$\begin{xy} <0em,0em>*+{M_n(\mathbb{R})} = "S1", <5em,0em>*+{M_n(\mathbb{R})} = "S2", <5em,-5em>*+{\mathbb{R}} = "S3", "S1";"S2" **@{-} ?>*@{>} ?*!/_1em/{t}, "S2";"S3" **@{-} ?>*@{>} ?*!/_1em/{\operatorname{det}}, "S1";"S3" **@{-} ?>*@{>} ?<>(.4)*!/^1em/{\operatorname{det}}, \end{xy}$
I would advise you to use xymatrix instead. It allows to focus more on semantics rather than syntax. --Lord_Farin (talk) 08:15, 16 January 2013 (UTC)
Good advice. You may want to change the Definition:Commutative Diagram page if this is the case as this is where I got it from. :) --Jshflynn (talk) 09:46, 16 January 2013 (UTC)
Thanks for the pointer. Done. --Lord_Farin (talk) 19:03, 16 January 2013 (UTC)

Deposit 3

Captain's log: I have managed to open the database. There is a lot of excess data in there.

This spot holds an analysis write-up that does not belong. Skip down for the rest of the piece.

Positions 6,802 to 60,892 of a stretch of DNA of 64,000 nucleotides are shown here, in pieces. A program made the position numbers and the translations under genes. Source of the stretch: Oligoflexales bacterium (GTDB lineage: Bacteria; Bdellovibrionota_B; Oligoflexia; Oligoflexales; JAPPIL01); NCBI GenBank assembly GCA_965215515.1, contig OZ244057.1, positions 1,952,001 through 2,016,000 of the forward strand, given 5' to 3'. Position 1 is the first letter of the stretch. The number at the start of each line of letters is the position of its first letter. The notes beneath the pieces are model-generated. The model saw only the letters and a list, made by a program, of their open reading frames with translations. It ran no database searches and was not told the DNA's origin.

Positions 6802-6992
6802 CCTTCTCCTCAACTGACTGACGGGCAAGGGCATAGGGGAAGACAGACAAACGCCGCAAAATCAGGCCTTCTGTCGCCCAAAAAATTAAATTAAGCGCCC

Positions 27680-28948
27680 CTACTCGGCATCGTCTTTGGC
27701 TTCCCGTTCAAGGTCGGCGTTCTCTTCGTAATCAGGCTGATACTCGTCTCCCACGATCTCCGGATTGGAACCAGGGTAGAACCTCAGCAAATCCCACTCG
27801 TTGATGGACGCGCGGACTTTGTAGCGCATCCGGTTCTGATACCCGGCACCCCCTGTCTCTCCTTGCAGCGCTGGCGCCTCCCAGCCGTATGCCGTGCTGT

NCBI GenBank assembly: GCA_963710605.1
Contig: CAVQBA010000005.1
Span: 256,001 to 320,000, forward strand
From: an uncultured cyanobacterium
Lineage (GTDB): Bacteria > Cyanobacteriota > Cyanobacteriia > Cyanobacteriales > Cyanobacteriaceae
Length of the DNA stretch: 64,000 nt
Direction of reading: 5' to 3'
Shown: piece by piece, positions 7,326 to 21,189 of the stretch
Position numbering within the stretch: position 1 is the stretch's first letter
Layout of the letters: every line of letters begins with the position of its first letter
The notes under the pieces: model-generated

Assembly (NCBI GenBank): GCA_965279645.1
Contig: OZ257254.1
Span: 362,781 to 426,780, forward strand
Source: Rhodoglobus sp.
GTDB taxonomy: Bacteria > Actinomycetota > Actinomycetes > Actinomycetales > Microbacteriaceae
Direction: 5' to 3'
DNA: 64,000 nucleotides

Managed to create a program which can output:
Set: Object, Element, Comprehension Principle, ...
I am leaving it to run in the background. It will take about 6 hours.
Ugh. Came back to PC and there was an error with the 2000th file. Getting there though...

From there I will see if I can make the GML script.

Deposit 4

Definition:Lambda Term


So I have the necessary data to make the graph.

For phase 1 I will just be making a simple graph that shows the connections between the definitions.

For phase 2 I'm going to colour the nodes according to their category. There are two problems though:

1. Deciding on the colouring scheme.
2. One very notable contributor on here is colour blind so I will have to find some way around that.